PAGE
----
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South Georgia and South Sandwich Islands

Photos of South Georgia and South Sandwich Islands

An oblique view of the rugged and isolated landscape on the northern shore of South Georgia Island. The high mountains protect the north and eastern coast of the island from the prevailing gales coming from Antarctica and the west. The steep topography also makes deep embayments along the coast that provide habitat for wildlife and anchorages for whaling ships. The island supports major rookeries of penguins and albatrosses, and large seal populations. This view centers on Mt. Paget and Cumberland Bay. Image courtesy of NASA.

Introduction

Background

The islands, with large bird and seal populations, lie approximately 1,000 km east of the Falkland Islands and have been under British administration since 1908 - except for a brief period in 1982 when Argentina occupied them. Grytviken, on South Georgia, was a 19th and early 20th century whaling station. Famed explorer Ernest SHACKLETON stopped there in 1914 en route to his ill-fated attempt to cross Antarctica on foot. He returned some 20 months later with a few companions in a small boat and arranged a successful rescue for the rest of his crew, stranded off the Antarctic Peninsula. He died in 1922 on a subsequent expedition and is buried in Grytviken. Today, the station houses scientists from the British Antarctic Survey. Recognizing the importance of preserving the marine stocks in adjacent waters, the UK, in 1993, extended the exclusive fishing zone from 12 nm to 200 nm around each island.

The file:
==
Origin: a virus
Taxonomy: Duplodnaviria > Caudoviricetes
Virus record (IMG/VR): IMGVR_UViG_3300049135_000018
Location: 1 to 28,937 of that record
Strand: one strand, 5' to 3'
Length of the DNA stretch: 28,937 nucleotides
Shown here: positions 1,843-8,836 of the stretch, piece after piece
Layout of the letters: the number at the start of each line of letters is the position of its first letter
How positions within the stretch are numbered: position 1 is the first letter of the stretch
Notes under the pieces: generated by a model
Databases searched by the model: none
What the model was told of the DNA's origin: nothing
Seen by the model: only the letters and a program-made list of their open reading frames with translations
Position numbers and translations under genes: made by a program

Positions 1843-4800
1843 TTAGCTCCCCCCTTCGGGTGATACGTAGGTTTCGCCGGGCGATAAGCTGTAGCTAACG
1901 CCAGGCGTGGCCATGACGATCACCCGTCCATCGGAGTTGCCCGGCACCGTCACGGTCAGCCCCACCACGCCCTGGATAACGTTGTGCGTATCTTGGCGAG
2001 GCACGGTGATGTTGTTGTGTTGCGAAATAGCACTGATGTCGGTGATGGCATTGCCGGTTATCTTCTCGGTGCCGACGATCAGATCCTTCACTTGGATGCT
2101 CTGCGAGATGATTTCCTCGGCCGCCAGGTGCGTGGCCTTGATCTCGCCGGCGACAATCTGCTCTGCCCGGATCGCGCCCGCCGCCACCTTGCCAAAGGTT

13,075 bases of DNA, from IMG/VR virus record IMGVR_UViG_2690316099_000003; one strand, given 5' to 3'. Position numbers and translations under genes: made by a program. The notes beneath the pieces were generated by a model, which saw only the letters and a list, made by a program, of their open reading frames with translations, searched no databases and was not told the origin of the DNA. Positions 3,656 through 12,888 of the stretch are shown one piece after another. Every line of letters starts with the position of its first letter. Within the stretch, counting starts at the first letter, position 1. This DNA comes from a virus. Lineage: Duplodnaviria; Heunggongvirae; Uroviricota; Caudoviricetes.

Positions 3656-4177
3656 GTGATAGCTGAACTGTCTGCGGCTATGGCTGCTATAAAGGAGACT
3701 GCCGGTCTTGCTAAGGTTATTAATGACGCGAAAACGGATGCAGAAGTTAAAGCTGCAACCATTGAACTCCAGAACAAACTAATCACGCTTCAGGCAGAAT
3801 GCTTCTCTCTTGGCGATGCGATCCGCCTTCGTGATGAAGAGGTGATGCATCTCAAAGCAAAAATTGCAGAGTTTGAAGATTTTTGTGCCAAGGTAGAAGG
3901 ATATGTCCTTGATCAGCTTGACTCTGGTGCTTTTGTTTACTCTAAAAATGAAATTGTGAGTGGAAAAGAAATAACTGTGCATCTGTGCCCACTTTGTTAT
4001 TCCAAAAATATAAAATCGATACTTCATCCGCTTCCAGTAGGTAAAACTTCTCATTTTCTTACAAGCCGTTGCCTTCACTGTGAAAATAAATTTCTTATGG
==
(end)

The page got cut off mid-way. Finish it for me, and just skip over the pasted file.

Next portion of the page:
Visit the Definitions and Notes page to view a description of each topic.

Geography

Location

Southern South America, islands in the South Atlantic Ocean, east of the tip of South America

Geographic coordinates

54 30 S, 37 00 W

Map references

Antarctic Region

Area

total: 3,903 sq km

land: 3,903 sq km

water: 0 sq km

note: includes Shag Rocks, Black Rock, Clerke Rocks, South Georgia Island, Bird Island, and the South Sandwich Islands, which consist of 11 islands

country comparison to the world: 176

Area - comparative

slightly larger than Rhode Island

Land boundaries

total: 0 km

Maritime claims

territorial sea: 12 nm

exclusive fishing zone: 200 nm

Climate

variable, with mostly westerly winds throughout the year interspersed with periods of calm; nearly all precipitation falls as snow

Terrain

most of the islands are rugged and mountainous rising steeply from the sea; South Georgia is largely barren with steep, glacier-covered mountains; the South Sandwich Islands are of volcanic origin with some active volcanoes

Elevation

highest point: Mount Paget (South Georgia) 2,934 m

lowest point: Atlantic Ocean 0 m

Land use

other: 100% (2018 est.)

Irrigated land

0 sq km (2011)

Natural hazards

the South Sandwich Islands have prevailing weather conditions that generally make them difficult to approach by ship; they are also subject to active volcanism

Geography - note

the north coast of South Georgia has several large bays, which provide good anchorage

People and Society

Population

no indigenous inhabitants (July 2021 est.)

note: the small military garrison on South Georgia withdrew in March 2001, replaced by a permanent group of scientists of the British Antarctic Survey, which also has a biological station on Bird Island; the South Sandwich Islands are uninhabited

Dependency ratios